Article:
Corrosion of Character
There’s a telling footnote in a new book about the changed character of work in North America: The largest employer in the United States is now Manpower, the temporary help agency. It has 600,000 people on its payroll, compared to 400,000 at General Motors, and 350,000 at IBM. Between 1985 and 1995, it grew 240 per cent.
This is an age of downsizing, turn-on-a-dime corporate leanness, almost instant obsolescence, high-stress risk taking, and intense scrambling for momentary advantage.
The consequence for employees, says the author Richard Sennett in The Corrosion of Character (W. W. Norton & Company, $33.99) is they face « a turnstile world of work.’’ The enormous growth in temporary help agencies, is just one example of how transitory jobs have become.
Sennett is an American sociologist who teaches at the London School of Economics and New York University.
A growing insecurity for workers is eating away at their moral identity — corroding their character — he says. And if he’s right, it doesn’t bode well for the environment.
Companies have reconfigured themselves, he says, creating what he calls flexible capitalism, so they can stay alive in a fast moving and turbulent global economy. At every step along the way, this has brought bruising change for employees.
In stripping away their bureaucracies, companies have rejected pyramid structures to become flatter and more flexible. For employees this has meant there were no longer clear lines of authority.
Work is performed by teams on a project by project basis, which allows companies to shift quickly as consumer preferences change. As a result, he says, work has become episodic.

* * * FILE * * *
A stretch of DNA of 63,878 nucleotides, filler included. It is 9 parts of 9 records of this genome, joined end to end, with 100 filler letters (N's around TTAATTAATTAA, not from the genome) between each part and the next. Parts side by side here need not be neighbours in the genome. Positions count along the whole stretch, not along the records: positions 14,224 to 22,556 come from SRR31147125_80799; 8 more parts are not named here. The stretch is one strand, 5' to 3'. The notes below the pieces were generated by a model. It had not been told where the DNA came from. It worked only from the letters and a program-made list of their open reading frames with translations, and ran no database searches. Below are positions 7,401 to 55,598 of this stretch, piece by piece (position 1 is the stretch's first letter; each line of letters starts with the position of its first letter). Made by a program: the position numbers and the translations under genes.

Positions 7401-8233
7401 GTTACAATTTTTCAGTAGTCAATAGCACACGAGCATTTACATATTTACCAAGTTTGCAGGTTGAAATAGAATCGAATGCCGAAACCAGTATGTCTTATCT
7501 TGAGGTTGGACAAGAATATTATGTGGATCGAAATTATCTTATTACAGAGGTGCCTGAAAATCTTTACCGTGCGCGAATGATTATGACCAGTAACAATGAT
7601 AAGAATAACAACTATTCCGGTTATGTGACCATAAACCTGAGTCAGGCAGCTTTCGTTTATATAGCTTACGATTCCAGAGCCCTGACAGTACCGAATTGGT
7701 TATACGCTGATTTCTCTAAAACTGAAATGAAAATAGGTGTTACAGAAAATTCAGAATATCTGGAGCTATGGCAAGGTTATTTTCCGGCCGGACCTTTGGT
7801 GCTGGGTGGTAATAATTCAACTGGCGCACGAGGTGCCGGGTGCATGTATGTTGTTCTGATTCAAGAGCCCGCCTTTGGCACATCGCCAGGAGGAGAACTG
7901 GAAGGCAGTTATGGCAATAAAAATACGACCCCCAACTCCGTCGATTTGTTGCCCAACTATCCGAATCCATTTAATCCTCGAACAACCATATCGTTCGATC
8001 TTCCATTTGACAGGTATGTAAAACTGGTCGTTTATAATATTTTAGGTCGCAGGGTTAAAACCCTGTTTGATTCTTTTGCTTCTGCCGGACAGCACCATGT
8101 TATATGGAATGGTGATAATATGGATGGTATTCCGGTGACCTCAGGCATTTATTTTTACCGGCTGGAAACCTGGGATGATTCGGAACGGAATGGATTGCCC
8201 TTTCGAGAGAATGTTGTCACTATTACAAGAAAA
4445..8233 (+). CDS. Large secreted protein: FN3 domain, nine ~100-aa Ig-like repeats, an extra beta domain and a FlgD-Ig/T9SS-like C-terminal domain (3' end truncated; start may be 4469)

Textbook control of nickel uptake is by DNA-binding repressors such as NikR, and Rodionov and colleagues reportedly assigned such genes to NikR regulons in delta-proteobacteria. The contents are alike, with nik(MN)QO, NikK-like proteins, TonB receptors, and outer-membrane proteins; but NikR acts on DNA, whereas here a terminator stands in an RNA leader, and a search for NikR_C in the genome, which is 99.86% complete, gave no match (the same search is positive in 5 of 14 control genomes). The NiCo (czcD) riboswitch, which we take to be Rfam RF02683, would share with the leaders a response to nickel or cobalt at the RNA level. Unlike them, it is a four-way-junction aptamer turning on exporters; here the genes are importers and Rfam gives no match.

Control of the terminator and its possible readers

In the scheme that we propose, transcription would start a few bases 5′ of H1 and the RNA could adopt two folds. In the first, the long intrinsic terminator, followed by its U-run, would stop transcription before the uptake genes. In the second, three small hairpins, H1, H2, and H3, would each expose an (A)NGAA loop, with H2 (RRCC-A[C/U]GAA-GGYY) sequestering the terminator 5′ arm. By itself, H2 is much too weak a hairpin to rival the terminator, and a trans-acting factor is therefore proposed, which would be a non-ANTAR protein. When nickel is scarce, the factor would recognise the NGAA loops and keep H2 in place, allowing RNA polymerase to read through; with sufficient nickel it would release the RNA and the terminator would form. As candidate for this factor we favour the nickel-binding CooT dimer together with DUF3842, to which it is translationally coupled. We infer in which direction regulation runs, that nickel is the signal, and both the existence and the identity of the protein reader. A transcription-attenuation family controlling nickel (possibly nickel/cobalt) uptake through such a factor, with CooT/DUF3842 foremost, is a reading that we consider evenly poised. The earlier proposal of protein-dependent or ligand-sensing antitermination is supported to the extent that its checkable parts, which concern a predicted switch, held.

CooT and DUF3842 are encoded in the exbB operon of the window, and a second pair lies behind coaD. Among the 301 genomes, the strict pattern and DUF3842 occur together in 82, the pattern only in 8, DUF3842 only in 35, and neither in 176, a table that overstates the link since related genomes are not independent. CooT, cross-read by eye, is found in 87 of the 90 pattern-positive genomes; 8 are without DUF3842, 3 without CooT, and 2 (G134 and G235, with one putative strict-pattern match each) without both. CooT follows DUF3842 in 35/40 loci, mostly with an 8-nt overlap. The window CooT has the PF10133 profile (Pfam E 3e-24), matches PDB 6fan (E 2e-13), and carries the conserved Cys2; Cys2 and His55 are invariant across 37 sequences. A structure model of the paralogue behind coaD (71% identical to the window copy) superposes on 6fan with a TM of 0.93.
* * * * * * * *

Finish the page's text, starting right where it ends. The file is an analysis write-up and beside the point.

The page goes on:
Instead of old-time continuity, dealing with the same process year after year as they gradually moved up the chain of command, workers now shift with their teams from project to project. Their most important skill has become how well they cooperate with teammates, not how well they perform a specific task. And their direct superior is a team leader, whose job is to facilitate, not to direct.
The result, says Sennett, is that workers are losing a sense of place, because the place where they find themselves is always shifting, and it’s not clear who is calling the shots.
Companies are configuring themselves more like networks, he says, because « networklike arrangements are lighter on their feet.’’ Networks include suppliers, consultants, and subsidiary organizations all over the world, and because everything is handled under short term contracts, companies can quickly rearrange the network as the need arises, dropping consultants, changing suppliers, shifting teams to new projects, and letting employees go.
In this configuration, there is no long term. There are, says Sennett, few links to the past. Whatever works is what rules. Companies reinvent themselves almost overnight. As employees are fired or shifted, and consultants and suppliers rearranged, to suit the newly reinvented corporation, the history of their accomplishments is irrelevant. The company has become a different entity. The past no longer matters.
As one downsized-employee-turned-consultant quoted by Sennett says: “I’m always at square one.”
All these changes mean there is no mutual loyalty or commitment, and from employees, no trust.
The lesson for employees, says Sennett, is, There is no long term, so: « Keep moving. Don’t commit yourself. Don’t sacrifice.”
Sennett doesn’t argue for a return to earlier ways. There are great benefits to flexible capitalism, he says. However, as it’s now practised, it raises fundamental questions: « How can long-term purposes be pursued in a short-term society? How can durable social relations be sustained? How can human beings develop narratives of identity and life history in a society composed of episodes and fragments?”
Since environmental issues are long-term, and commitment and trust are important to any lasting initiatives, these are troubling questions. And although Sennett doesn’t mention the environment, his book once again underlines how close are the connections among the economy, the environment, and the welfare of individuals.